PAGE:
programme targets.

The main factors that could lead to negative rating action are:
- A re-intensification of the eurozone crisis could hinder the return to market
financing and adversely affect Irish exports and GDP growth, with a knock-on
effect on public debt dynamics
- Material divergence from the fiscal consolidation path, resulting in a
significantly higher debt ratio
- Additional recapitalisation needs of the banking sector by the Irish sovereign

The main factors that could lead to positive rating action are:
- A smooth and full return to market financing, robust economic growth and
fiscal performance in line with Fitch's forecasts, in particular a declining
debt ratio over the medium term
- A substantial cut in the public debt through an EU agreement to share the
burden on legacy costs of bank recapitalisation, although this is not Fitch's

Ireland's growth prospects are sensitive to conditions in its main trading
partners. Fitch's macroeconomic forecast of flat GDP in 2012 followed by the
resumption of an export-driven recovery from mid-2013 is based on the assumption
that the recession in the eurozone, Ireland's major trading partner, proves to
be shallow and short, followed by modest economic growth. The agency expects GDP
growth in Ireland to reach 2% from 2014 as the drag on domestic demand stemming
from the private sector deleveraging fades. Nevertheless, unemployment is
expected to remain above 13% until 2014, declining only modestly from its
current level of 15%.

Fitch's projections of government deficits and debt are based on the assumption
of budget consolidation remaining consistent with the EU-IMF programme and
especially meeting the 7.5% deficit target for 2013. While the lack of details
on the 2013 fiscal measures creates some uncertainty regarding the budget
outcome, the strong political support behind the multi-year fiscal consolidation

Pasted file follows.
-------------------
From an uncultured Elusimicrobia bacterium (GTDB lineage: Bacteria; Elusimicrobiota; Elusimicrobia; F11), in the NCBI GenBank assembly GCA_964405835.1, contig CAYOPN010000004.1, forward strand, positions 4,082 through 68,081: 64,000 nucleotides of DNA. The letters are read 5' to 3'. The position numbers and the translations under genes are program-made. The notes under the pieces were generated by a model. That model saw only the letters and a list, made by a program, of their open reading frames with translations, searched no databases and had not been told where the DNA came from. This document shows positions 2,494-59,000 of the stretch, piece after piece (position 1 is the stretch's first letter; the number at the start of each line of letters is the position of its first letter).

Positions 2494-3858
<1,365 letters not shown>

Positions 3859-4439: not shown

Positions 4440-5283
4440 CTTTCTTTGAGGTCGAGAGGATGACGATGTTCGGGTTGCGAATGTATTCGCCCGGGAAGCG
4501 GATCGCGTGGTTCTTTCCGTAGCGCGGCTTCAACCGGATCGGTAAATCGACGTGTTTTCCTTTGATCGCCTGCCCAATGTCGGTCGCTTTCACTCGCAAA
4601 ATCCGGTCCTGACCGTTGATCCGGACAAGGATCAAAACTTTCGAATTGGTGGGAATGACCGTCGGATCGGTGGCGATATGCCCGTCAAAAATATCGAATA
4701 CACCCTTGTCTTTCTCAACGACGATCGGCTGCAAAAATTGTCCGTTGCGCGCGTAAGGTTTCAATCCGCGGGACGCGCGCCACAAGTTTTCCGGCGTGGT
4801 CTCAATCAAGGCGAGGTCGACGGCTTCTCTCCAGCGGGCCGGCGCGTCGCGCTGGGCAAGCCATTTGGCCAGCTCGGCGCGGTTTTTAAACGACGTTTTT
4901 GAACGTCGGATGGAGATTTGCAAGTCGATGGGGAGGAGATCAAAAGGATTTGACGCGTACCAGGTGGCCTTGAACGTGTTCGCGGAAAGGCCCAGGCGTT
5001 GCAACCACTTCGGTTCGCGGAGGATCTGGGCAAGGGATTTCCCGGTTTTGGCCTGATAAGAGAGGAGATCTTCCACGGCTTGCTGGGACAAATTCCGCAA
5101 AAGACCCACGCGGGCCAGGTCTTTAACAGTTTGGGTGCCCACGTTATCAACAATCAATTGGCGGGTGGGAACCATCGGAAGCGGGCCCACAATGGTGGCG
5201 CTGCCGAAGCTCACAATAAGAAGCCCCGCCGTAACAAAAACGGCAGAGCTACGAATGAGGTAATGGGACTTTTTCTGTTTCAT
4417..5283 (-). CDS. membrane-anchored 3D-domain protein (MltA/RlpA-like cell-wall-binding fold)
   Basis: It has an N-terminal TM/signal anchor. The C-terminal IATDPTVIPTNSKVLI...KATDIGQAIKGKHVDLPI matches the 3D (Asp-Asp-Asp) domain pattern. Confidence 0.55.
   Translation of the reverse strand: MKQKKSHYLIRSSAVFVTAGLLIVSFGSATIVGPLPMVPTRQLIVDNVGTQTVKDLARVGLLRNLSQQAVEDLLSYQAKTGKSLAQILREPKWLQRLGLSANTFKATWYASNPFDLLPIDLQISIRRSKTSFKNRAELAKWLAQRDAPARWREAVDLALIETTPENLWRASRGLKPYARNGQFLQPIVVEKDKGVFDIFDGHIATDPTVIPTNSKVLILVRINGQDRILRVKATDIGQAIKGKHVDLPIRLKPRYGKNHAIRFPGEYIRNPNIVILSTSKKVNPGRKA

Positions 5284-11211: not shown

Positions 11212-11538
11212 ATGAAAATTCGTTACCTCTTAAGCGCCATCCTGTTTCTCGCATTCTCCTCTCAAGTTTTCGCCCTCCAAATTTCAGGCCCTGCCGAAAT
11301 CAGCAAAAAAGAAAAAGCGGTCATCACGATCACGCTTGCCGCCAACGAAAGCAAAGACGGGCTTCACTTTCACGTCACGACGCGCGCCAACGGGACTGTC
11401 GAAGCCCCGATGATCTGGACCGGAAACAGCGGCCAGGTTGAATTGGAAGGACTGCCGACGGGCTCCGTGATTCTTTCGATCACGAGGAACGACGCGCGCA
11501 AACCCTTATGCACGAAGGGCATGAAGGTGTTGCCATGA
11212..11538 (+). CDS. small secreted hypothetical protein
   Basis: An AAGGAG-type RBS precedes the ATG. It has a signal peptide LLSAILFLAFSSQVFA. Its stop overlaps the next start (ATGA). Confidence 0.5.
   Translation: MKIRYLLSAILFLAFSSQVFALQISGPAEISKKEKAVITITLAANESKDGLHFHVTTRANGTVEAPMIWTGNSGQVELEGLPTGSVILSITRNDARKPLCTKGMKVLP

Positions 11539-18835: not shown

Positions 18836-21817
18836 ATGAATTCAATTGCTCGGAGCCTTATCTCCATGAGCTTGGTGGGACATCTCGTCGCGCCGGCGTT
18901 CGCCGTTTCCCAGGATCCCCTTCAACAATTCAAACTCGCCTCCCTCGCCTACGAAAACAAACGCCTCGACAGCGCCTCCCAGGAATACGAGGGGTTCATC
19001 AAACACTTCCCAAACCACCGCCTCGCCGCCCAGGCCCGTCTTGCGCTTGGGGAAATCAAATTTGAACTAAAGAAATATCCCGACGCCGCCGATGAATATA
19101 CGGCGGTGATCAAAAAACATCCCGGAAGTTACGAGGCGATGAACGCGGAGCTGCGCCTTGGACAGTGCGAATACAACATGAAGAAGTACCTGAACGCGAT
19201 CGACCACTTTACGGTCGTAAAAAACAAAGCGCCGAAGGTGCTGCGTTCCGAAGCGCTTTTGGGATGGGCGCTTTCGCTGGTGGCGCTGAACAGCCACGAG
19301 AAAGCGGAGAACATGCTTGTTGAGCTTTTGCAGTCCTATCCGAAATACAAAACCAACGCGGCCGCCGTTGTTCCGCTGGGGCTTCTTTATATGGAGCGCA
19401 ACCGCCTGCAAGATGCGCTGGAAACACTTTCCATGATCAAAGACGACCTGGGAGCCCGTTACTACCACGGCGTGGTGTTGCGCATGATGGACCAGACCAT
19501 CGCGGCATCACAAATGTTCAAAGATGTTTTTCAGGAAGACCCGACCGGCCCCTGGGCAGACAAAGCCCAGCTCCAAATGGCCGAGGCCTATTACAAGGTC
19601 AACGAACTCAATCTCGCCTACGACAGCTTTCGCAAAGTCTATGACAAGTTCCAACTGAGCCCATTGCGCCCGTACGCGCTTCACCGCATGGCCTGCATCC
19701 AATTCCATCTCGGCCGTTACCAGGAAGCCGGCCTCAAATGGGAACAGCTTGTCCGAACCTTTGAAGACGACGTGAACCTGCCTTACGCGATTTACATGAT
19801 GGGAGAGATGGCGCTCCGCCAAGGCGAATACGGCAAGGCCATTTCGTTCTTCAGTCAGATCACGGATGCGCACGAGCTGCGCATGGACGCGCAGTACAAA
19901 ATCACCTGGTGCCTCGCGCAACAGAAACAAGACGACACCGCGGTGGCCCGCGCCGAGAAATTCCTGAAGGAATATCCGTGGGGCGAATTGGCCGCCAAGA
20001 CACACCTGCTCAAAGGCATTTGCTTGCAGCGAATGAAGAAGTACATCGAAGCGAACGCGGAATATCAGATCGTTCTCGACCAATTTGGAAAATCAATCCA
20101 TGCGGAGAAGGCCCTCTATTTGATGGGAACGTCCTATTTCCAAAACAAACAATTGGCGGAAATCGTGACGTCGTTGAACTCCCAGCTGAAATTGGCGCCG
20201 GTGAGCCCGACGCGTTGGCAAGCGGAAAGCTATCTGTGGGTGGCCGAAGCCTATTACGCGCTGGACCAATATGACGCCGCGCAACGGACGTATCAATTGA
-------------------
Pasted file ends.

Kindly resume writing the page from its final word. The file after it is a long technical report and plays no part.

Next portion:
plan and the broader public acceptance of its necessity are considered to be key
factors for the adjustment process.

Fitch further assumes that Ireland regains full market access by the end of
2013, in line with its EU-IMF programme.

Despite downside risks in the banking sector, Fitch assumes that the capital
buffer built up on top of the PCAR stress scenario means that the sovereign will
not need to provide additional resources to recapitalise the banking sector.

The rating does not incorporate any mutualisation of the legacy bank
recapitalisation costs by eurozone institutions. The timing and extent of any
deal remains highly uncertain even almost five months after the June Summit.

Furthermore, Fitch assumes there will be progress in deepening fiscal and
financial integration at the eurozone level in line with commitments by euro
area policy makers. It also assumes that the risk of fragmentation of the
eurozone remains low and is not incorporated into Fitch's current rating of
Ireland, although Fitch's 'CCC' rating of Greece reflects a material risk of a
Greek exit from the eurozone over the next few years.

Additional information is available at The ratings above
were solicited by, or on behalf of, the issuer, and therefore, Fitch has been
compensated for the provision of the ratings.

Applicable criteria, 'Sovereign Rating Methodology', dated 13 August 2012, is
available at

Applicable Criteria and Related Research:
Sovereign Rating Methodology
Global Economic Outlook

Our Standards:The Thomson Reuters Trust Principles.